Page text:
Risk and Change

Risk-Change Matrix

People love control and abhor chaos.  Yet most of our daily lives are filled with uncertainty and change.  The first step to maintaining a sense of order amidst the chaos is awareness of change and awareness of the type of uncertainty (risk) with which you are faced.  An understanding of the current state of your environment will inevitably benefit you in your quest for control.

To aid awareness of the chaos-control state of your environment, we can use the simple matrix shown here.

Type of Environment

Type of Risk

Static

Dynamic

Deterministic

1. Certain, stable state

“Business as Usual”

3. Certain, changing state

“Transformation”

Stochastic

2. Uncertain, stable state

“Non-linear”

4. Uncertain, changing state

“Chaos”

Risk is broken down into two types: deterministic and stochastic. Actions and decisions in a state of deterministic risk produce outcomes that are linked to past and present known behaviors in the system. In other words, future system behavior can be predicted with certainty based on the knowledge of previous outcomes. We label this state’s risk as “certain” but one must realize that this is an extreme case. Nothing is ever certain but to serve the purpose of this matrix we assume that this deterministic state can exist.

Stochastic risk is risk that has uncertain outcomes, outcomes that are not necessarily linked to past history of events or occurrences. Probability does play a role in the stochastic state. Expected outcomes can be used in decision making with the understanding that the past does not play a strong predictive role in system behavior. One can look at this state as one of a complex, non-linear system. Decisions and actions can cause completely unexpected system behavior.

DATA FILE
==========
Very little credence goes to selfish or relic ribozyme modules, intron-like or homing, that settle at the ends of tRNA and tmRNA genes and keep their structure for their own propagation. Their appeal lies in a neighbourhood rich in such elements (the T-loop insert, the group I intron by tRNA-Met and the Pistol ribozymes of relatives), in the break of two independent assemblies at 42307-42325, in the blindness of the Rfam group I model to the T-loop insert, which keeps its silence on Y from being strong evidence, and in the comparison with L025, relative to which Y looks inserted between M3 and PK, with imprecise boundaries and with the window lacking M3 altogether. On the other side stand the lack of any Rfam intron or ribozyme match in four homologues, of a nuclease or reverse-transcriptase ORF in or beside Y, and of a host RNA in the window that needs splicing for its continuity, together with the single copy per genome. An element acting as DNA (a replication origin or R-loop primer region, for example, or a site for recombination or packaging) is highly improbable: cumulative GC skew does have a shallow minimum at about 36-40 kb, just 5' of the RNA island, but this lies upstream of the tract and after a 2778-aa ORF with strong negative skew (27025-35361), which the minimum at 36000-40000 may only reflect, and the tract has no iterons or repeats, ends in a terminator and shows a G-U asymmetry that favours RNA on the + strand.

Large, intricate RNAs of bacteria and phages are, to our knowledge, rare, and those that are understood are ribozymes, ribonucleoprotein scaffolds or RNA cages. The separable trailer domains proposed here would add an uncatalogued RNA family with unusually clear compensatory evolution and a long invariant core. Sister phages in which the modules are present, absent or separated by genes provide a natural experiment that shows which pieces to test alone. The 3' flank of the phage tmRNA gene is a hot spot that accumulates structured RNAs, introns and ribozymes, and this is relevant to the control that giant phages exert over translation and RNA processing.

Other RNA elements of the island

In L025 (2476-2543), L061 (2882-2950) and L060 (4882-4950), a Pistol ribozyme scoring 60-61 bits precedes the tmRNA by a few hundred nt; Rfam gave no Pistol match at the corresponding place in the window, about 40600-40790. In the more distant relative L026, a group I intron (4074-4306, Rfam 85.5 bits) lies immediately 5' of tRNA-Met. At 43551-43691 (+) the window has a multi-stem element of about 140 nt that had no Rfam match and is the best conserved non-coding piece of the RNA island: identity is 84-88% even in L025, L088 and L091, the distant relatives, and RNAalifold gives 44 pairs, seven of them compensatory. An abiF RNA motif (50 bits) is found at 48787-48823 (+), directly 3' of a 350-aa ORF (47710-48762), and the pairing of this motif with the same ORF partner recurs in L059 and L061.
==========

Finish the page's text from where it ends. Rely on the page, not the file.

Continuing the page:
Environment is also broken down into two types: stable and dynamic. Stable environments do not change in the short to medium term. Drivers of a business’s state are relatively constant. For example, an industry’s competitors, customers, and suppliers are not undergoing major changes or shifts in relative power.

Dynamic environments are undergoing major changes that could be caused by industry consolidation of suppliers, customers, and/or competitors. Other drivers of dynamic environments are disruptive technologies that enable disintermediation or cause obsolescence of particular products or services.

Looking at the 2×2 matrix formed by type of risk and type of environment, we see four possible states for a business at any one time.

1.   Certain, stable state

  • Future system behaviors can be predicted by prior, historical behaviors
  • No disruptive change is occurring on the business’s landscape
  • “Business as usual” characterizes this type of environment

2.   Uncertain, stable state

  • Future system behaviors cannot be predicted by knowledge of past responses to decisions and actions
  • No disruptive change is occurring on the landscape
  • “Non-linear” characterizes this environment

3.   Certain, changing state

  • Future system behaviors can be predicted by prior, historical behaviors but only on a short time horizon given the dynamic, changing industry state
  • Disruptive change is occurring on the business landscape that might or might not be caused by an executive’s own business
  • “Transformation“ characterizes this environment

4.   Uncertain, changing state

  • Future system behaviors cannot be predicted by knowledge of past responses to decisions and actions
  • Disruptive change is occurring on the business landscape that might or might not be caused by an executive’s own business
  • “Chaos” characterizes this environment and presents the greatest challenge to an executive’s decisions and actions to be taken by an organization

Where do you see your business?  Would others agree with you?  How do you conduct your daily life and under what assumptions about the state of your business? Where are you the most comfortable?  Where are you the least comfortable? Is your business properly prepared to thrive in its current state? What about your competitors?

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